After Rabbi Yitzhak's death many hasidim came to Vorki for the Feast of Weeks. Among them was Rabbi Benjamin of Lublin, who had been a disciple of the Seer but had gone over to the much-maligned Yehudi, the Seer's disciple, while his first teacher was still alive. Since Rabbi Benjamin was very old sickly, he had to lie down soon after his arrival. After prayers Rabbi Yitzchak's two sons went to see him. "Children," he said to them, "I wish you'd tell me how we are to interpret the words in Scriptures [describing the auditory drama of the receiving the Torah at Mount Sinai]: 'And all the people saw the voice.'"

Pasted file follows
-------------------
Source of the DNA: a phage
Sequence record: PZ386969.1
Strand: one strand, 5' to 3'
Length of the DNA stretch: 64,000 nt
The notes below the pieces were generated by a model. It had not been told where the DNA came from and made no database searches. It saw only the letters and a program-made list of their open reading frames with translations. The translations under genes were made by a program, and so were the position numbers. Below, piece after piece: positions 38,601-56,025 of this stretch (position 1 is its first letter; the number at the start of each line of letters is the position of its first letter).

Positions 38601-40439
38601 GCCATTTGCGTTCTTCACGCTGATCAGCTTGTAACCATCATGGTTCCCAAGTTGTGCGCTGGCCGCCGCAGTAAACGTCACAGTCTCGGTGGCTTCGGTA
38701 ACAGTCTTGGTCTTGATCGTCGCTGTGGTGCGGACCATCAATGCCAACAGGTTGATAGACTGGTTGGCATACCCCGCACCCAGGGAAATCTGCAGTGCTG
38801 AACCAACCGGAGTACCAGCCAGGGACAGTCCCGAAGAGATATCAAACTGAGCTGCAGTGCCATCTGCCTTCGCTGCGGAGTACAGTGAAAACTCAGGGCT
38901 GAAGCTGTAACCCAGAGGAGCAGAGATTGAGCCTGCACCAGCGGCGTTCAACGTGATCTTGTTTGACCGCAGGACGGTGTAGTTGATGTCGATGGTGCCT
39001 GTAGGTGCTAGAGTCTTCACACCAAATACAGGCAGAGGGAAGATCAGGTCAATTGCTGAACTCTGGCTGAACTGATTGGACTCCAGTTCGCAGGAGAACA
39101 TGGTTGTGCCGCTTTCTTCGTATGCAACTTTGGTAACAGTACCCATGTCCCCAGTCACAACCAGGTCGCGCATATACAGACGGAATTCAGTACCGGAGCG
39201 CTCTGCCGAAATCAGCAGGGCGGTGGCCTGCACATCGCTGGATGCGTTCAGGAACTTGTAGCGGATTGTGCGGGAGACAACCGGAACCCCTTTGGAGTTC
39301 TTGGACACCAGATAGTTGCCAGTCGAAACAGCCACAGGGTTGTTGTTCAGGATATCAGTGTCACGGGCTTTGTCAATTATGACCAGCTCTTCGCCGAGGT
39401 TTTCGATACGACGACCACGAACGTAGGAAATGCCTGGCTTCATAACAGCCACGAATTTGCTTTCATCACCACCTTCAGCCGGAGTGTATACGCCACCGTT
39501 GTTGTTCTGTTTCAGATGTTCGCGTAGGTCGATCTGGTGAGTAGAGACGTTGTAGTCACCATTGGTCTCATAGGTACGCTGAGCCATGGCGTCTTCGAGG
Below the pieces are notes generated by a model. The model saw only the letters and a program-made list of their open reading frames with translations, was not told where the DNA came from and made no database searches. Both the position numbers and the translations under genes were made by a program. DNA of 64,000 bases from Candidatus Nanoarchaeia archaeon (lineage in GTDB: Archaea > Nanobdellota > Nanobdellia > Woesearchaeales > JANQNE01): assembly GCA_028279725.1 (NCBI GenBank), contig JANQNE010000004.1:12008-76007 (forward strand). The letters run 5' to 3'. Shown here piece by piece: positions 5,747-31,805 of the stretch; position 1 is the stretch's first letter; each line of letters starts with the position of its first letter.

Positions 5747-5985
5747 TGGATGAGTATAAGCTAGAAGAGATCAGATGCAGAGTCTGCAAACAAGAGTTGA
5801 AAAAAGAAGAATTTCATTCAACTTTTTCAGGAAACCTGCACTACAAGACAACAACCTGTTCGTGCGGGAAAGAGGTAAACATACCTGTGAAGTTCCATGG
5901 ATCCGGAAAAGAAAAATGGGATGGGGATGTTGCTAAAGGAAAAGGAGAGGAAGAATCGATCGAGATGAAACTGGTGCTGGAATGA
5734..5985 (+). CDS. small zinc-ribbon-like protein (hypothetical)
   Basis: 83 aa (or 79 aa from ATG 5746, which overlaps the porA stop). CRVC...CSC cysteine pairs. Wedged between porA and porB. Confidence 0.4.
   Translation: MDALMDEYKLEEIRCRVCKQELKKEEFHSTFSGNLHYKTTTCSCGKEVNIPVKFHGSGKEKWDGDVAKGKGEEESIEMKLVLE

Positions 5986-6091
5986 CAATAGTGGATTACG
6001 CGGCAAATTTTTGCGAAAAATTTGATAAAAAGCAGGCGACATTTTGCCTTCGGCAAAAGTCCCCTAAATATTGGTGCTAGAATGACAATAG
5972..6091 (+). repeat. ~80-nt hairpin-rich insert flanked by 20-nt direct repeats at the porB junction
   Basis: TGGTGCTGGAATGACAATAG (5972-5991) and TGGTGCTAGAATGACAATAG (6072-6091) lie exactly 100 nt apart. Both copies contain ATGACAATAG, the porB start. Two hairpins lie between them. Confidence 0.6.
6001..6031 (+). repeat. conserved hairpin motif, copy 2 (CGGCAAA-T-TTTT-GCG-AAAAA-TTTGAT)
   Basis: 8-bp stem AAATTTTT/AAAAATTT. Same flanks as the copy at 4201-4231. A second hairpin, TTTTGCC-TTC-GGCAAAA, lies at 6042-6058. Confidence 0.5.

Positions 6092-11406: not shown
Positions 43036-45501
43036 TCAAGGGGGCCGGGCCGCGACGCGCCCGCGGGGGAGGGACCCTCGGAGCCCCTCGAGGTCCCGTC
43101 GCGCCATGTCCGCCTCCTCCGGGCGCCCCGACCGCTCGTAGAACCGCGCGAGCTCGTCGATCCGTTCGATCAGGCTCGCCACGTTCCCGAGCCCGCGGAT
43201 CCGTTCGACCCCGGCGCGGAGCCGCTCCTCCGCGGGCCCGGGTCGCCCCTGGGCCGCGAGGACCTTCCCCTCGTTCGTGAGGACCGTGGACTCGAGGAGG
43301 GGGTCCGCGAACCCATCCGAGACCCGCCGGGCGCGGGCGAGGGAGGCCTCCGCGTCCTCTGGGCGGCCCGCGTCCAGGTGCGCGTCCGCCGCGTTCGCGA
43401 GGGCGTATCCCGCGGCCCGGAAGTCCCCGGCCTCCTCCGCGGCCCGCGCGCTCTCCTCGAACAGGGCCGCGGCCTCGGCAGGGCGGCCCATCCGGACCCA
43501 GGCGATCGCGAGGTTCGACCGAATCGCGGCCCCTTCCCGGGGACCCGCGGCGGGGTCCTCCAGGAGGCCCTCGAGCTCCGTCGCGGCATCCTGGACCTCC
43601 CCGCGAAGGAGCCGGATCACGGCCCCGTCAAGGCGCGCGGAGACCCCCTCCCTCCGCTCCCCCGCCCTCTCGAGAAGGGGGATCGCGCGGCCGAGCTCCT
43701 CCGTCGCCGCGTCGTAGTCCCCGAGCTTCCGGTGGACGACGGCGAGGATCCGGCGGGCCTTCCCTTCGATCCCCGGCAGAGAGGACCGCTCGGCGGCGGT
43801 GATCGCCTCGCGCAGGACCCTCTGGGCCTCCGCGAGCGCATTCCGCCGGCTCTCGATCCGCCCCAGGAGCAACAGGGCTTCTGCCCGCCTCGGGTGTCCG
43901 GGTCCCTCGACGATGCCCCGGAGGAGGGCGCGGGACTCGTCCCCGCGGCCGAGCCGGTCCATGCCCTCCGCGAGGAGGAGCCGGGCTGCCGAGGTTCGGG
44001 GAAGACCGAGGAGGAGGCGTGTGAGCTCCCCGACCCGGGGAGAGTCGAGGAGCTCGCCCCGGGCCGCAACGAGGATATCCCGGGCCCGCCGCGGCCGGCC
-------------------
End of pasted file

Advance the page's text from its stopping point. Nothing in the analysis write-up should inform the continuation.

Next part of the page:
And all the people saw the

Rabbi Yaakov David, the elder son, gave a most perceptive interpretation, but Rabbi Menachem Mendel, the younger, was silent as usual. "And what have you to say?" asked Rabbi Benjamin.

I say," answered Menachem Mendel, "that we must take it to mean, they saw and realized that one must take the voice into oneself and make it one's own."


Barnes and Noble linkFrom: Martin Buber. Tales of the Hasidim. © 1947 and 1975 by Schocken Books (New York), p. 300. By permission of the publisher.

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